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Reflection Topic 2: methods and Meanings

Prior to the global pandemic, my work was largely about methods and methodology but often lacking in real, in-depth meaning, the concepts and contextualization.

I have concentrated on creating large bodies of work (each project containing a minimum of 20, up to a maximum of 100 images). Although there is often some experimenting with the way I light and frame the work for the first half a dozen of any series, once I have discovered what seems to resonate best I continue to apply that approach to the remaining shoots of each project. Giving the individual images a coherence as part of a bigger “essay.” In order to do this I have occasionally had to discard or re-shoot some of the earlier experiments so they fit in.

In general terms, I have often preferred to shoot “real” people rather than models, and my participants are often not people I have met before arriving at their home. Most of my projects are environmental portraits of one kind or another, as more often than not, in the past, I have photographed people in their dwellings. Another method I have regularly used is text with the majority of my projects to date, including text supplied from my sitters, (exploring whatever the focus of the series may be) in close proximity to their image.

In terms of communicating concepts: I have had a few successes in the last twenty years. For example, in my most recent publication, NAKED TRUTH: PLYMOUTH UNVEILED, I set out to make a positive contribution to body positivity 20 years after exploring the topic in my first book, PLYMOUTH UNVEILED. I purposely recreated the approach I had used earlier, including collaborating on how the participants wanted to pose, using open, flat light (to make myself, as the photographer as absent from the work as possible). As before, I sought out women of different ages (over 18), shapes and ethnicity and asked them to provide a written description about their relationship to their bodies.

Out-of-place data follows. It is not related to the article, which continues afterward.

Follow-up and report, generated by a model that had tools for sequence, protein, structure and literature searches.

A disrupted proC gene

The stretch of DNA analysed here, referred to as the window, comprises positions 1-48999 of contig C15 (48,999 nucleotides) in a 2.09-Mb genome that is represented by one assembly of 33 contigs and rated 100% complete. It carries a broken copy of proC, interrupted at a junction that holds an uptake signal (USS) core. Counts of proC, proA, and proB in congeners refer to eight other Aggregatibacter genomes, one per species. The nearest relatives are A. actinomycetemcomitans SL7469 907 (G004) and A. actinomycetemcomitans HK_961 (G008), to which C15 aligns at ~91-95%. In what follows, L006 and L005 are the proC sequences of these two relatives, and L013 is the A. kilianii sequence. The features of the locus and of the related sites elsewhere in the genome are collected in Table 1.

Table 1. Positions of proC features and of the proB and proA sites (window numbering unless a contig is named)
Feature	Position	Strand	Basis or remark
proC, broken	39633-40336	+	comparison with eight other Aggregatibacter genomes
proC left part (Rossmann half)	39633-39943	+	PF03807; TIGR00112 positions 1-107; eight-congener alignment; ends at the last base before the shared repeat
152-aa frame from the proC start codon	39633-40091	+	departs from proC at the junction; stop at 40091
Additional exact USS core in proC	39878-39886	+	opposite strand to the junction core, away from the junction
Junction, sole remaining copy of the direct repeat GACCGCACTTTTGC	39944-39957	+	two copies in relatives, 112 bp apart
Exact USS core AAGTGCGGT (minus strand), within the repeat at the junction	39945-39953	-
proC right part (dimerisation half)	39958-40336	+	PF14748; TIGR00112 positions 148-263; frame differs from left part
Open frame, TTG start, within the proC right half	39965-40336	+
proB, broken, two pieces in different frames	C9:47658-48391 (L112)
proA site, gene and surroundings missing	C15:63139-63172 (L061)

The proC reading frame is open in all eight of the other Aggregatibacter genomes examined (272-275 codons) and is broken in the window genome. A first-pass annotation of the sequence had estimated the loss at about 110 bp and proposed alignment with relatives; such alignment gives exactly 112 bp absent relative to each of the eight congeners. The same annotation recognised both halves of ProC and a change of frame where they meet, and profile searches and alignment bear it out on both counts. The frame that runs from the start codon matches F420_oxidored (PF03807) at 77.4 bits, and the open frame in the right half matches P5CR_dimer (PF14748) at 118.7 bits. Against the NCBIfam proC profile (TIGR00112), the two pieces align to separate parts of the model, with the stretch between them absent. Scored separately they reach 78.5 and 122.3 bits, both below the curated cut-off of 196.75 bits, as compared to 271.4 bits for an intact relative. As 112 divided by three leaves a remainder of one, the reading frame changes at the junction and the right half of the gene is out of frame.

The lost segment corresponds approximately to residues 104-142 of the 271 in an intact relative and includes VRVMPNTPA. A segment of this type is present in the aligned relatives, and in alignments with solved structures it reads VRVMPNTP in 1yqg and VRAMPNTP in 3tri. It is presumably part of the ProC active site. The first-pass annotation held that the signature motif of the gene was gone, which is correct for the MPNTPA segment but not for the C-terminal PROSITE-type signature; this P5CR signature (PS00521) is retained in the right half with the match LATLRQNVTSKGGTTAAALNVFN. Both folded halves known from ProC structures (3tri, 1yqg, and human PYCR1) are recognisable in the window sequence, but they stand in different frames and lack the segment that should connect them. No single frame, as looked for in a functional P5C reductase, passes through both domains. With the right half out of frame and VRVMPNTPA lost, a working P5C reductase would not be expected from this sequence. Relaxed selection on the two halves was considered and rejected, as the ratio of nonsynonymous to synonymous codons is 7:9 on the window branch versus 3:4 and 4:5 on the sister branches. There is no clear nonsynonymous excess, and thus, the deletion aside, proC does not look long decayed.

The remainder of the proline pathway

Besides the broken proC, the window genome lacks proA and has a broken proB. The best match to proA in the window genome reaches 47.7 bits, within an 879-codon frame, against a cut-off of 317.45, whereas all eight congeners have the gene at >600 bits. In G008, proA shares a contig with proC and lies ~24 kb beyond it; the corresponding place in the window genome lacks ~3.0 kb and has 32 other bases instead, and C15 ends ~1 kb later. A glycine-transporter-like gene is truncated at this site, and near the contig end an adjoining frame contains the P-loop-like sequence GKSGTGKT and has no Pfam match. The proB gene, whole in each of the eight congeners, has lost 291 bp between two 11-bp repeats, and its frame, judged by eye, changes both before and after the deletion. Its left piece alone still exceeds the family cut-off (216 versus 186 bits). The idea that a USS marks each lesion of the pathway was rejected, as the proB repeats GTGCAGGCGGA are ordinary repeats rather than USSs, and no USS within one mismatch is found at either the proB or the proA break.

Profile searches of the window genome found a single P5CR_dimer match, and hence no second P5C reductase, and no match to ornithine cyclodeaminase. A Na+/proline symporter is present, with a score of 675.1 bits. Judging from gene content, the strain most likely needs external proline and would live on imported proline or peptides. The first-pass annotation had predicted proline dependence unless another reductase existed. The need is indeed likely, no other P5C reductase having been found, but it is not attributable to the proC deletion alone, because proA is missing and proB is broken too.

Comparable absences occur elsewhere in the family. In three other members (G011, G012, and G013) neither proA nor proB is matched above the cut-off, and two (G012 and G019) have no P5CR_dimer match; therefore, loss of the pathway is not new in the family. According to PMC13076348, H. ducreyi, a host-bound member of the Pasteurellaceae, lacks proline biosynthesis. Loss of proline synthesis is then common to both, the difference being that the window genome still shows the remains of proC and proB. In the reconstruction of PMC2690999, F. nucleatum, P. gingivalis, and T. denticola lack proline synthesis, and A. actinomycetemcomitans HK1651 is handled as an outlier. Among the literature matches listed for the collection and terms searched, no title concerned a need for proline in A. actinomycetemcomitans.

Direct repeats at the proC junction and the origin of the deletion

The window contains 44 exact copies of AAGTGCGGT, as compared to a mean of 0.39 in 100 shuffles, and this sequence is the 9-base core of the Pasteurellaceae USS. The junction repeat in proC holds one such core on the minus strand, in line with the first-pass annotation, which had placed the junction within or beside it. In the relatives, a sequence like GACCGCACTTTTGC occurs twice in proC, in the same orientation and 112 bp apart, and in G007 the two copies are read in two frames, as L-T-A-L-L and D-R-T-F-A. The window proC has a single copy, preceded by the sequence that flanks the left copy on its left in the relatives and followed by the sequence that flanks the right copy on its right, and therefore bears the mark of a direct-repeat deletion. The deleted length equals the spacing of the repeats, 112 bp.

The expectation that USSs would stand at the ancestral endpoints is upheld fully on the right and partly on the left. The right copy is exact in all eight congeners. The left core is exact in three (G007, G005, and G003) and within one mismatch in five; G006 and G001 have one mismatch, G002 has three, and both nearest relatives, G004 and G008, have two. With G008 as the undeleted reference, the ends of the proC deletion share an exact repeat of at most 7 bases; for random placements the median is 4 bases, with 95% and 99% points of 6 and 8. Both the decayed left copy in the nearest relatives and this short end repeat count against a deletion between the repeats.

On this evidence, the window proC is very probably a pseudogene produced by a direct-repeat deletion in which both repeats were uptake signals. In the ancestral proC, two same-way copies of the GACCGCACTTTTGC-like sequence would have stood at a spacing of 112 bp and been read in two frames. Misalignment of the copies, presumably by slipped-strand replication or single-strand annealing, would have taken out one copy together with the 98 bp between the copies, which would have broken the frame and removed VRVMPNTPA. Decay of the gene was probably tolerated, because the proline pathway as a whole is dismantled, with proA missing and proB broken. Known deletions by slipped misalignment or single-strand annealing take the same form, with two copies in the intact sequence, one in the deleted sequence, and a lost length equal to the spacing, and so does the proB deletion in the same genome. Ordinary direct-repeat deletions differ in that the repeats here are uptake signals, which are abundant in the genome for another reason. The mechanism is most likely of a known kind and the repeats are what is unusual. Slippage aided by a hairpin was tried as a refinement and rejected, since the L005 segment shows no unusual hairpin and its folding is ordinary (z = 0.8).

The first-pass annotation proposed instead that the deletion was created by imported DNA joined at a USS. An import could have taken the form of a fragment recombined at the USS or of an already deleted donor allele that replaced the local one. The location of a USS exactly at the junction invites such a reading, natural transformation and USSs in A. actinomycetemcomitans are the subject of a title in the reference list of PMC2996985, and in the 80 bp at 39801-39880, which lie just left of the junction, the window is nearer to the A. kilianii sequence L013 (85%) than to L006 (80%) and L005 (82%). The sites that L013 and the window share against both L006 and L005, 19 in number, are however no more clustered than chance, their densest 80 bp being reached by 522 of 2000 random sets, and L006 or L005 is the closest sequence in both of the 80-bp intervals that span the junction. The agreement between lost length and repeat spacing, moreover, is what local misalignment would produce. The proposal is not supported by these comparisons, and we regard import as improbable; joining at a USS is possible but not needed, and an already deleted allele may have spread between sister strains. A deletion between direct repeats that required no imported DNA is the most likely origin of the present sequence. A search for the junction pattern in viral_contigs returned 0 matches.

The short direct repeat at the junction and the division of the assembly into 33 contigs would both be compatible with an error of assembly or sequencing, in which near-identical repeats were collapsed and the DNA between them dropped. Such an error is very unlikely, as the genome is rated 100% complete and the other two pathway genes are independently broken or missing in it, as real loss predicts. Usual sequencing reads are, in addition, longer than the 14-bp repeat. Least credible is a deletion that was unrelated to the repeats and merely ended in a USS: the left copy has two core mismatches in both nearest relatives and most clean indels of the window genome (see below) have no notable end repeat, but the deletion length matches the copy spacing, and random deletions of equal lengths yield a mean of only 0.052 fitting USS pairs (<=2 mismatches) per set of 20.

My rationale behind spending a year photographing 100 women, (there was to be a follow up book of 100 men), for this project I was able to make a small contribution to the fight against “body fascism” (in which many people judge us by outward appearances only), and, to help individuals hate their bodies and therefore themselves, a little less. In the couple of years since producing the book I have had a number of strangers approach me who have explained they have read the book and it acted as a catalyst by helping them to be kinder towards themselves. Just a few weeks ago, someone stopped me in the street and said my book had “saved her life,” a most humbling experience.

Since lockdown I have vastly increased my knowledge of art history and the history of fine art photography. This has enabled me to contextualize what I want to do and why I want to do it, much earlier in the process and has also led me to pursuing a new strain of portraiture (which may yet come to banish all the rest within my practice), self-portraiture.

Although I have discovered many exciting practitioners whose work has thrilled and inspired me, currently the most interesting are Duane Michals and Lucas Samaras. Both these artists don’t want to capture what is already visible, they want to construct and create images from their minds to share with the world. In Michals case that included presenting images in short sets to convey a narrative and adding explanatory texts to some of his images. Whilst, with Samaras, manipulating the chemicals on the surface of Polaroid prints (when freshly out of the camera) and cutting up images adding more drama to the final photo are examples of both men’s desire to “do it their way.”


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